Boris Abelevich Kaufman
August 24, 1906
|Died||June 24, 1980 (aged 73)|
New York City, U.S.
|Alma mater||University of Paris|
Boris Abelevich Kaufman, A.S.C. (Russian: Бори́с А́белевич Ка́уфман; August 24, 1906 – June 24, 1980) was a Russian-born American cinematographer and the younger brother of Soviet filmmakers Dziga Vertov and Mikhail Kaufman.
Kaufman was born into a family of Jewish intellectuals in Białystok when Congress Poland was part of the Russian Empire. After the Bolshevik Revolution of 1917, Poland regained its independence, and Boris moved there with his parents. Mikhail and Denis, better known as Dziga Vertov, stayed in the Soviet Union and became important filmmakers, producing avant-garde and agitprop films. The brothers later stayed in touch primarily by letters; Vertov visited Boris Kaufman in Paris twice, in 1929 and 1931.
After graduating from the University of Paris, Kaufman turned to cinematography, collaborating with Jean Vigo and Dimitri Kirsanoff. During World War II, he served in the French Army against the Nazis; when France fell, Kaufman escaped to Canada. After working briefly with John Grierson for the National Film Board of Canada, he moved to the United States in 1942.
Kaufman supported himself by filming short subjects and documentaries until director Elia Kazan chose him as director of photography for On the Waterfront (1954), Kaufman's first American feature film, for which he won an Academy Award for Best Cinematography (Black and White) and a 1955 Golden Globe Award. For Kazan's Baby Doll (1956), he received a second Oscar nomination. Kaufman was director of photography for Sidney Lumet's first film, 12 Angry Men (1957), and The Pawnbroker (1964). Retiring in 1970, he died in New York City on June 24, 1980, 3 months after his brother Mikhail.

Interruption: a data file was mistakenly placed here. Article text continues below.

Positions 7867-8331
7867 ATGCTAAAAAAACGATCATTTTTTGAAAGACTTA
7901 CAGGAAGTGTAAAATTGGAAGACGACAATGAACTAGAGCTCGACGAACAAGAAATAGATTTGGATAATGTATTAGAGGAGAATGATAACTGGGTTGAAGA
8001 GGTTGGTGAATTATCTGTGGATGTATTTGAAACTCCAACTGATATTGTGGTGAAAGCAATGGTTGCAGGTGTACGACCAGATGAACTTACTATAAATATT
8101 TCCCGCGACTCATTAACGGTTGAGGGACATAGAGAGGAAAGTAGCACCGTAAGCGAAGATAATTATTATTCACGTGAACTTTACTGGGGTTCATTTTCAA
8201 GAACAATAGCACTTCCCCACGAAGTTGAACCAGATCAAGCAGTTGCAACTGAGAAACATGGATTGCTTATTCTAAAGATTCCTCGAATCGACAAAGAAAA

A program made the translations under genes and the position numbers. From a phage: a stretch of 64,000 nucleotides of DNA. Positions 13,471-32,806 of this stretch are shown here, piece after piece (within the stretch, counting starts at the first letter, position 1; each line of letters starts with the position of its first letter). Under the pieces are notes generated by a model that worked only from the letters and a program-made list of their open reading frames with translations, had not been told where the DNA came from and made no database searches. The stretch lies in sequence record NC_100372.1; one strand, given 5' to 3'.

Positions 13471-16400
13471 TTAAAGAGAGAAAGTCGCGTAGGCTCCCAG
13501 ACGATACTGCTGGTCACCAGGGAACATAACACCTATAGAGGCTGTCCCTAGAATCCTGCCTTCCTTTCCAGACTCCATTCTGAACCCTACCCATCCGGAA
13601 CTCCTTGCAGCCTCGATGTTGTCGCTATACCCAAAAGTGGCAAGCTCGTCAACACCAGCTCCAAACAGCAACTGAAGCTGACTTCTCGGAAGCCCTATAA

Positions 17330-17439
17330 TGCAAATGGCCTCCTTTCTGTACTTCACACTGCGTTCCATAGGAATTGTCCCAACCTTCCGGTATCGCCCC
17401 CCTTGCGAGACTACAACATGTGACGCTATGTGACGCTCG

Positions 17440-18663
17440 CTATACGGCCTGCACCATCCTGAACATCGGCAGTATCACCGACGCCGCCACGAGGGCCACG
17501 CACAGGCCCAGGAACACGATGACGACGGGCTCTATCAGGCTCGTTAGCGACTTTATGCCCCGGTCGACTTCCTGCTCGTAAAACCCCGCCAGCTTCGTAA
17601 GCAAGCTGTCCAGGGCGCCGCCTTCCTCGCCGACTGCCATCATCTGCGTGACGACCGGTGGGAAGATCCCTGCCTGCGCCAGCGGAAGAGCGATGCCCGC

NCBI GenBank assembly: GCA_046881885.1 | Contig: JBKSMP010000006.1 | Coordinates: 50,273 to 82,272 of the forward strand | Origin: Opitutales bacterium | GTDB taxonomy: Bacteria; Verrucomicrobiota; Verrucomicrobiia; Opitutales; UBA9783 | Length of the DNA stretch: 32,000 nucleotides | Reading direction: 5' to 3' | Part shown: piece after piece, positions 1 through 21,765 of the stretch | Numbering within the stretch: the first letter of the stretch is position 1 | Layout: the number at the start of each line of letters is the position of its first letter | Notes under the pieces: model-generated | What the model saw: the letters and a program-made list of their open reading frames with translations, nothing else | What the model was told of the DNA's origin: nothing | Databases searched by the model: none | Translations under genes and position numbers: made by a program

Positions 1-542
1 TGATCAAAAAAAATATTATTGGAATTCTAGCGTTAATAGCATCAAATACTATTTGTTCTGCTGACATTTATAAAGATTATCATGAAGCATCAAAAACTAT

|1929||À propos de Nice||Jean Vigo||Short film|
|1931||Jean Taris, Swimming Champion||Jean Vigo||Short film|
|1933||Zero for Conduct||Jean Vigo|
|The Agony of the Eagles||Jean Mamy|
|1936||You Can't Fool Antoinette||Paul Madeux|
|When Midnight Strikes||Léo Joannon|
|1938||Fort Dolorès||René Le Hénaff|
|1939||The Fatted Calf||Serge de Poligny||with Philippe Agostini|
|1940||Serenade||Jean Boyer||with Claude Renoir|
|1944||Hymn of the Nations||Alexander Hammid||Short film|
|1945||A Better Tomorrow||Alexander Hammid||Short film|
|1947||Journey Into Medicine||Willard Van Dyke||Documentary film|
|1949||Roller Derby Girl||Justin Herman||Short film|
|1951||The Gentleman in Room Six||Alexander Hammid||Short film|
|1952||Leonardo da Vinci||Luciano Emmer||Documentary film|
|1954||On the Waterfront||Elia Kazan||Winner - Academy Award|
|Garden of Eden||Max Nosseck|
|1956||Singing in the Dark||Max Nosseck|
|Crowded Paradise||Fred Pressburger|
|Baby Doll||Elia Kazan||Nomination - Academy Award|
|1957||12 Angry Men||Sidney Lumet|
|1959||That Kind of Woman||Sidney Lumet|
|1960||The Fugitive Kind||Sidney Lumet|
|1961||Splendor in the Grass||Elia Kazan|
|1962||Long Day's Journey Into Night||Sidney Lumet|
|1963||All the Way Home||Alex Segal|
|1964||The World of Henry Orient||George Roy Hill|
|The Pawnbroker||Sidney Lumet|
|1966||The Group||Sidney Lumet|
|1968||Bye Bye Braverman||Sidney Lumet|
|The Brotherhood||Martin Ritt|
|1970||Tell Me That You Love Me, Junie Moon||Otto Preminger|